"I merely want you to hear what this gentleman says," replied Dodson. "Pray, go on, sir — disgraceful and rascally proceedings, I think you said?"
"I did," said Mr. Pickwick, thoroughly roused. "I said, sir, that of all the disgraceful and rascally proceedings that ever were attempted, this is the most so. I repeat it, sir."
"You hear that, Mr. Wicks," said Dodson.
"You won't forget these expressions, Mr. Jackson?" said Fogg.
"Perhaps you would like to call us swindlers, sir," said Dodson.
"Pray do, sir, if you feel disposed; now pray do, sir."
"I do," said Mr. Pickwick. 'You are swindlers."
"Very good," said Dodson. "You can hear down there, I hope, Mr. Wicks?"
"Oh, yes, sir," said Wicks.
"You had better come up a step or two higher, if you can't," added Mr. Fogg. "Go on, sir; do go on. You had better call us thieves, sir; or perhaps You would like to assault one of us. Pray do it, Sir, if you would; we will not make the smallest resistance. Pray do it, sir."
As Fogg put himself very temptingly within the reach of Mr. Pickwick's clenched fist, there is little doubt that that gentleman would have complied with his earnest entreaty, but for the interposition of Sam, who, hearing the dispute, emerged from the office, mounted the stairs, and seized his master by the arm.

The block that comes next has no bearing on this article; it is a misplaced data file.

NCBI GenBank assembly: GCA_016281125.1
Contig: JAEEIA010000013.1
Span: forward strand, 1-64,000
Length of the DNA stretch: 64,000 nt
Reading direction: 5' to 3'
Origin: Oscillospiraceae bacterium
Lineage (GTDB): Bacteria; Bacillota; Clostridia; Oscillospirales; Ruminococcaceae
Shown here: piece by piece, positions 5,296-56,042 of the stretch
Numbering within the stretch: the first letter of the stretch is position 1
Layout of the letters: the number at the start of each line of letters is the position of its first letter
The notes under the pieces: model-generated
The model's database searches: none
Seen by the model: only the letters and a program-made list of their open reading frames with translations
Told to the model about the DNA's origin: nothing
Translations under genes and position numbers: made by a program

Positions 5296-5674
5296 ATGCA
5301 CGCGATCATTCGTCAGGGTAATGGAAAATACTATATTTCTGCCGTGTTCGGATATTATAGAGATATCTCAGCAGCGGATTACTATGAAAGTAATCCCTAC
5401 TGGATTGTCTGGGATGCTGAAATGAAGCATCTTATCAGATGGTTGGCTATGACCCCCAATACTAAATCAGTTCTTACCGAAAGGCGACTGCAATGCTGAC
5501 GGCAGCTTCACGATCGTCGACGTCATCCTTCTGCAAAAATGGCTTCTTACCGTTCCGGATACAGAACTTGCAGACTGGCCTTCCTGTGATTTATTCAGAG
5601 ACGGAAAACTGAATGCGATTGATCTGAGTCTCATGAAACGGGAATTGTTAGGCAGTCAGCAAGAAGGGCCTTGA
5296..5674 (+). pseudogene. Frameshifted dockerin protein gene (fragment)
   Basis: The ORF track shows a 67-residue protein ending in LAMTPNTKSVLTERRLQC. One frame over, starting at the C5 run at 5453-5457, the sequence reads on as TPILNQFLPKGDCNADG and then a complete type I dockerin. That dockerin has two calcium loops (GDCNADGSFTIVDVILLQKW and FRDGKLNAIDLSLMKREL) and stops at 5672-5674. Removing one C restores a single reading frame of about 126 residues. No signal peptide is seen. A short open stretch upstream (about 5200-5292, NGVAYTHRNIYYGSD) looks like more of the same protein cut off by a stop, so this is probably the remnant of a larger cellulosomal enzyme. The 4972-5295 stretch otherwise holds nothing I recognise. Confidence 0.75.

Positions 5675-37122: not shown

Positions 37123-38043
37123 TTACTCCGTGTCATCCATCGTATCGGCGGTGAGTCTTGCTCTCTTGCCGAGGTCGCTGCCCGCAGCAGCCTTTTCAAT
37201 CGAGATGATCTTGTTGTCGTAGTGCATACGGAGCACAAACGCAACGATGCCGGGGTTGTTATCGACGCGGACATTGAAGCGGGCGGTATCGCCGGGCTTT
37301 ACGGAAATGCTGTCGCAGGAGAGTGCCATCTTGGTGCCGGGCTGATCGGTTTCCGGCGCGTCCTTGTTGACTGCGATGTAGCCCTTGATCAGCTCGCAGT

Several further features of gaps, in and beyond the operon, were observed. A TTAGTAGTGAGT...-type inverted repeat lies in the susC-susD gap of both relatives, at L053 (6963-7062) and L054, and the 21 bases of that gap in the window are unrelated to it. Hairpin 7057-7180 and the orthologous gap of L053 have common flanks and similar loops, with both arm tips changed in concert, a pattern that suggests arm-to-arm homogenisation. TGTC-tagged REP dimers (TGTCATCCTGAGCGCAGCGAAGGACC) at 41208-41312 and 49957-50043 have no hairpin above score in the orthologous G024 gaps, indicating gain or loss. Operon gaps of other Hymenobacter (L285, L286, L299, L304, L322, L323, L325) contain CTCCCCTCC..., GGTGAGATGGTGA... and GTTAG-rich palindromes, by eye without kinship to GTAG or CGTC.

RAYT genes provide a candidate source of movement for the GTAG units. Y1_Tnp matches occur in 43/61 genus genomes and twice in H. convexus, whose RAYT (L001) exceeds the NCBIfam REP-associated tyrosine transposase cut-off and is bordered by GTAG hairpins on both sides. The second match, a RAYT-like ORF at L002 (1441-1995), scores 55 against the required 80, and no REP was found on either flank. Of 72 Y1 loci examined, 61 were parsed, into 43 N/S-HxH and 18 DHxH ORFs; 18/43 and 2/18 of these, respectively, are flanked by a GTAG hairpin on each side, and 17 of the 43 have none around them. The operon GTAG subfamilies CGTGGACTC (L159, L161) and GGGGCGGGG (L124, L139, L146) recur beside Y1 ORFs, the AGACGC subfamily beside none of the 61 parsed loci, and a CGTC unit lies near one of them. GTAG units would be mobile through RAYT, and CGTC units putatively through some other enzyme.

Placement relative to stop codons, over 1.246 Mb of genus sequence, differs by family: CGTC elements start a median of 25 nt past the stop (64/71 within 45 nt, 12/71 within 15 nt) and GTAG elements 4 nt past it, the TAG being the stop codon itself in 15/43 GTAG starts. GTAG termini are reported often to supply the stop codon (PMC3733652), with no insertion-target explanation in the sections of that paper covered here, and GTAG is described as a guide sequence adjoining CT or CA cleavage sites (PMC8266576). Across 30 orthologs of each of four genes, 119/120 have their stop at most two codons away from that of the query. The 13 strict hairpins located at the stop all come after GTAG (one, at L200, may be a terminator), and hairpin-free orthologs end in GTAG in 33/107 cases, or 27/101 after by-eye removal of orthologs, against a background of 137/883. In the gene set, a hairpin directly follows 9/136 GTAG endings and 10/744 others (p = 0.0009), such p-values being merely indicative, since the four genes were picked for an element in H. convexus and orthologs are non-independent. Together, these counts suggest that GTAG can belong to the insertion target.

You just come away," said Mr. Weller. "Battledore and shuttlecock's a wery good game, vhen you ain't the shuttlecock and two lawyers the battledores, in which case it gets too excitin' to be pleasant. Come avay, sir. If you want to ease your mind by blowing up somebody, come out into the court and blow up me; but it's rayther too expensive work to be carried on here." [Chapter 20, Chapman & Hall Household Edition, p. 134; Harper & Bros. Household Edition, p. 121]
Phiz better communicates Pickwick's indignation, his fists clenched, as Sam attempts to make him see that saying nothing whatsoever to the scoundrels is in his best interests. Phiz's clerks, looking in through the door communicating to the outer office, are obviously enjoying the baiting, whereas Nast's clerks lack any expression. And, further, Sam's remonstrance is more effectively communicated by his body language and gesture of a raised hand (implying that Pickwick has said enough) in Phiz's 1873 illustration.
- The illustration of this incident in the original 1836 Pickwick: “Mr. Pickwick and Sam in the Attorney's Office.”
- The complete list of illustrations by Seymour and Phiz for the original edition
- An introduction to the Household Edition (1871-79)
Scanned image and text by Philip V. Allingham. Formatting by George P. Landow. [You may use this image without prior permission for any scholarly or educational purpose as long as you (1) credit the person who scanned the image and (2) link your document to this URL in a web document or cite the Victorian Web in a print one.]
Dickens, Charles. Pickwick Papers. The Household Edition. London: Chapman and Hall, 1874; New York: Harpers, 1874.
Last modified 9 March 2012